Closed Die Forging Manufacturers and Companies

IQS Directory provides a detailed list of closed die forging manufacturers and suppliers. Find closed die forging companies that can design, engineer, and manufacture closed die forging to your specifications. Peruse our website to review and discover top closed die forging manufacturers with roll over ads and complete product descriptions. Connect with the closed die forging companies through our hassle-free and efficient request for quote form. You are provided company profiles, website links, locations, phone numbers, product videos, and product information. Read reviews and stay informed with product new articles. Whether you are looking for manufacturers of closed die aluminum forgings, large closed die forging, and die forgings of every type, IQS is the premier source for you.

  • Freeport, IL 815-233-3833

    At Anchor Harvey, we are able to speed a variety of products to market because of our versatility, streamlined manufacturing process, and over 90 years of experience in our industry. Our forge facility includes a tool and die shop and other state-of-the-art machinery and an experienced team of experts who will provide the closed die forging your application requires. If you can imagine it, Anchor Harvey can forge it.

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  • Chicago, IL 800-932-0357

    As an ISO 9001:2008 certified company, we offer the ultimate in quality and precision. We are continually looking for new ways to keep our customers happy, whether it is creating new forging techniques or searching for better materials for our customers. We take the time to make our products the right way, no matter how long it takes. You can learn more about our commitment to quality on our website!

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  • Mesa, AZ 818-486-1522

    ZETWERK provides high quality forged components produced using range of ferrous and non-ferrous alloys. Our in-house forging expertise, together with our production partners, successfully supports demanding programs involving complicated part designs and project requirements. We also perform necessary secondary operations on the forged parts such as finish machining, heat treatment, surface treatment etc. ZETWERK is ISO 9001:2015 and AS9100D certified. Our forging plants are IATF 16949:2016 certified.

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  • Cleveland, OH 440-250-1900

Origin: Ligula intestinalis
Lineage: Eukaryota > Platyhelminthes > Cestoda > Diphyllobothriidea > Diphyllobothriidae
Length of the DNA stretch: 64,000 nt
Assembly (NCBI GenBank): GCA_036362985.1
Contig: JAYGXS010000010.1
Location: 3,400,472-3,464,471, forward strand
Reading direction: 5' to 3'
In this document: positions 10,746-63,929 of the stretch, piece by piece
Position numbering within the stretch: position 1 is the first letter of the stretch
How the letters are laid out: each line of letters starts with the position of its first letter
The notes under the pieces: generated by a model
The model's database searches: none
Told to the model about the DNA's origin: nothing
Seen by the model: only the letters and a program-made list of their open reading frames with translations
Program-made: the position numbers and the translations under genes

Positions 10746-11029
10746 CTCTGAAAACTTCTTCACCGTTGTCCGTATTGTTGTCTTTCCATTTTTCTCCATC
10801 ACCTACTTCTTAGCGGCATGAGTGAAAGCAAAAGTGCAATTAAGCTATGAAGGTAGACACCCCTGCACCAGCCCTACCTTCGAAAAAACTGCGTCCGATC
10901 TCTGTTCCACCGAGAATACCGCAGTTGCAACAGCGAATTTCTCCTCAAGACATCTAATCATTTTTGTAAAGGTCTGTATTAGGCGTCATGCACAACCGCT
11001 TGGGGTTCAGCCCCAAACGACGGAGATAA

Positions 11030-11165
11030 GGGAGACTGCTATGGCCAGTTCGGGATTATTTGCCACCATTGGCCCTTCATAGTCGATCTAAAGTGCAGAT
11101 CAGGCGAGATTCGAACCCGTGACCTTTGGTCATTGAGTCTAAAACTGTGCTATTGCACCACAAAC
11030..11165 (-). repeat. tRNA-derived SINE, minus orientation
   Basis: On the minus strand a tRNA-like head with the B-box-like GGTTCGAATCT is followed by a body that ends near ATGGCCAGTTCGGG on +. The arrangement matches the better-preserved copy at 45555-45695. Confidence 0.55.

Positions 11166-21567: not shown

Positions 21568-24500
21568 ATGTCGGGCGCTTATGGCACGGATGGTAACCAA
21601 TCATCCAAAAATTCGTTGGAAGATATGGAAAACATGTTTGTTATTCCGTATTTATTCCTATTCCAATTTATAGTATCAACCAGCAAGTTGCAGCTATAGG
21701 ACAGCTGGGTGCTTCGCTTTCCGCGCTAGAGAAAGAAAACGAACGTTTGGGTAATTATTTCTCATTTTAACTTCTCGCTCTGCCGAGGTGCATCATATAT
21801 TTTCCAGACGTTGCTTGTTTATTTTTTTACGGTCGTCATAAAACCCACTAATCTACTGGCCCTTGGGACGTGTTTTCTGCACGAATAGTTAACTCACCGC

For over 30 years, we have provided metal forged products for a wide variety of industries, including the aerospace, military, food service, medical, and automotive industries. Our customers know they can trust our forgings for quality and affordability. We will never try to make you pay more than you should for our products. Contact us by phone or email to find out more!

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  • Jefferson, OH 888-536-3674

    We pride ourselves on the performance of our forgings! We also put the emphasis on you, because you deserve it! We are a reliable and the number one source for closed die forgings. We strive to make the products that are suitable for any situation. As a turnkey supplier we aim to exceed your expectations. We are well-versed in high-quality service. For the advantage in closed die forging, visit our website today!

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  • Cincinnati, OH 888-321-7200

    For over a century, we have manufactured metal component parts for OEMs utilizing the forging process for strength and integrity. We offer forgings of carbon, alloy, stainless and tool steels, aluminum, high-temperature and specialty metals. We provide hammer, press and upset forging.

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  • McKees Rocks, PA 800-223-2818

    McKees Rocks Forgings is a producer of forged circular products. Our high quality items are suitable for use in many industrial applications. We specialize in crane wheels, industrial wheels, sheave wheels and gear blanks. Custom products are available and we are able to meet any standard forging specs as well as many other closed-die circular forging projects. A range of materials is available.

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businessIndustry Information

Closed Die Forging